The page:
CHICAGO, Oct. 07, 2020 (GLOBE NEWSWIRE) — VelocityEHS, the global leader in cloud-based environment, health, safety (EHS) and sustainability solutions, today announced it has secured exclusive rights to sell and support the 3D Static Strength Prediction Program™ (3D SSPP™), an ergonomics job analysis and design tool developed by the University of Michigan Center for Ergonomics that quantifies biomechanical requirements during manual materials handling tasks. Based on over 50 years of research by the Center for Ergonomics, the software helps users analyze the biomechanical and static strength capabilities of employees in relation to the physical demands of the work environment to develop methods that prevent the risks that lead to musculoskeletal disorders (MSDs). Together with VelocityEHS’ Humantech Ergonomics Solutions, the software further enhances how organizations can use the science of ergonomics to lower risk of injuries and improve workplace performance.
According to the 2019 Liberty Mutual Workplace Safety Index, overexertion—which includes lifting, lowering, pushing, pulling, and carrying—is the top cause of non-fatal workplace injuries in the United States, accounting for 23 percent of all non-fatal workplace injuries and $13.11 billion in direct costs per year.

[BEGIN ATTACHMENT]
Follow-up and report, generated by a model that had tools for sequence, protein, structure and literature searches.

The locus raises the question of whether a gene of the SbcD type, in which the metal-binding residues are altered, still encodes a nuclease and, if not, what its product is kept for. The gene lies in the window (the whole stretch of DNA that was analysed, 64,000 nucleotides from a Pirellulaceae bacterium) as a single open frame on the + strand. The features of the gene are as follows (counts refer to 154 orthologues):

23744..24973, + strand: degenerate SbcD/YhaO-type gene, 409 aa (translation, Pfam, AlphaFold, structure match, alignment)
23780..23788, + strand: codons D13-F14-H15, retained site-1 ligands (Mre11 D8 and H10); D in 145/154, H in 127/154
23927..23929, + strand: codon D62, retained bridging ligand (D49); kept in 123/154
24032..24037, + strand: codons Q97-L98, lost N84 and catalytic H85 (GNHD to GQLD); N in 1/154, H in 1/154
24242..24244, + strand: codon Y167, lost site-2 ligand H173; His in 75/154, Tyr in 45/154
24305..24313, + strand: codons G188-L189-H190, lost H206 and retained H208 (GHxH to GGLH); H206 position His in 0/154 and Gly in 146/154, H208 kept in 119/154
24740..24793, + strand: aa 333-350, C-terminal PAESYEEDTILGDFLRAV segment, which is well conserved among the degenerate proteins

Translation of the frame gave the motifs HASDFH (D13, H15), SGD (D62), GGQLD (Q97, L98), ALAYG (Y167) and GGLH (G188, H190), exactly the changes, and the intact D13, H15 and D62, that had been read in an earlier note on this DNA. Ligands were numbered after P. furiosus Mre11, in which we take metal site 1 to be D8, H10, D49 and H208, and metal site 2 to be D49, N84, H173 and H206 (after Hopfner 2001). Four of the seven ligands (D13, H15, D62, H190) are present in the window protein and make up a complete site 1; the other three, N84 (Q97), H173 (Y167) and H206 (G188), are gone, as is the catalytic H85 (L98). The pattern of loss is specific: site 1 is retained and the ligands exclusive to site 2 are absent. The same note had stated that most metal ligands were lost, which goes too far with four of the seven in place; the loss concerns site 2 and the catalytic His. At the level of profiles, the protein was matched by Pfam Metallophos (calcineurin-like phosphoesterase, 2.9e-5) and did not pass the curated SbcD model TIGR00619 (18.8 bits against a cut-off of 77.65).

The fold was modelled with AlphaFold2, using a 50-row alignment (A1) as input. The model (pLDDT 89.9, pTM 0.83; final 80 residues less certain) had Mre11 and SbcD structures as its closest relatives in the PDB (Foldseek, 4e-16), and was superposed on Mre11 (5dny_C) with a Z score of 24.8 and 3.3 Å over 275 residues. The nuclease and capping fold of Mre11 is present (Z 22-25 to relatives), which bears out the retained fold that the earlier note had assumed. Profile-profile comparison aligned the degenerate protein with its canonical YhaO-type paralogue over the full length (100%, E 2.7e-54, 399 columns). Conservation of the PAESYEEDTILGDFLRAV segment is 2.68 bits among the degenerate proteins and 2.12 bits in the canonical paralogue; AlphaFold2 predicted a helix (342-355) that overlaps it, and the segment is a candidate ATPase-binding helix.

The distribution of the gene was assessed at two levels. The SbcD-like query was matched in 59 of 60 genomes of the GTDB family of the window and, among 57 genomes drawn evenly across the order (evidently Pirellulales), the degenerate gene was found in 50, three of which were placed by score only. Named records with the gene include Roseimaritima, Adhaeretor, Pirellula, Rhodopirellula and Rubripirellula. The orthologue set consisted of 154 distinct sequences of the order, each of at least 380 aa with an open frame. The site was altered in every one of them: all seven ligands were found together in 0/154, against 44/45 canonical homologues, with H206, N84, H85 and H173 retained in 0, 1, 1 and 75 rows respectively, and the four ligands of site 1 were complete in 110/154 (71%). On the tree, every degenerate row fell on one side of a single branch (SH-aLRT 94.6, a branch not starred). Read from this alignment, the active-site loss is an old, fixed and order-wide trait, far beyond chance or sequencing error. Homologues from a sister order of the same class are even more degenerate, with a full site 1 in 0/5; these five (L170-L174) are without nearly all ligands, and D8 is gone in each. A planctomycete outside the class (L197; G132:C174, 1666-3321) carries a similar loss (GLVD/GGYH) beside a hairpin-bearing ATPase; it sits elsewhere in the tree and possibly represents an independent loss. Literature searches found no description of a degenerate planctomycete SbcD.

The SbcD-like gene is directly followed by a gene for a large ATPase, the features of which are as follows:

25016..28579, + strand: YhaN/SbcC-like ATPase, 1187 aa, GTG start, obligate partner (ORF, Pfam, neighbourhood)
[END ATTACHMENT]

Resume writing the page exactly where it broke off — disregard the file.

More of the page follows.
“Providing solutions that incorporate the Michigan 3D SSPP technology is just one more way VelocityEHS is defining the industry through workplace ergonomics,” said James Mallon, President of VelocityEHS’ Humantech. “By giving companies cutting-edge technology coupled with proven methods, their ergonomics improvement processes gain efficiency and help them focus on designing a better workplace. Now, with 3D SSPP, we offer the most comprehensive suite of assessment tools in the marketplace, furthering our drive to improve the lives of the working population.”
Developed by Don Chaffin, the Richard G Snyder Distinguished University Professor Emeritus of Industrial Operations and Engineering and founder of the Center for Ergonomics at the University of Michigan, the 3D SSPP software predicts static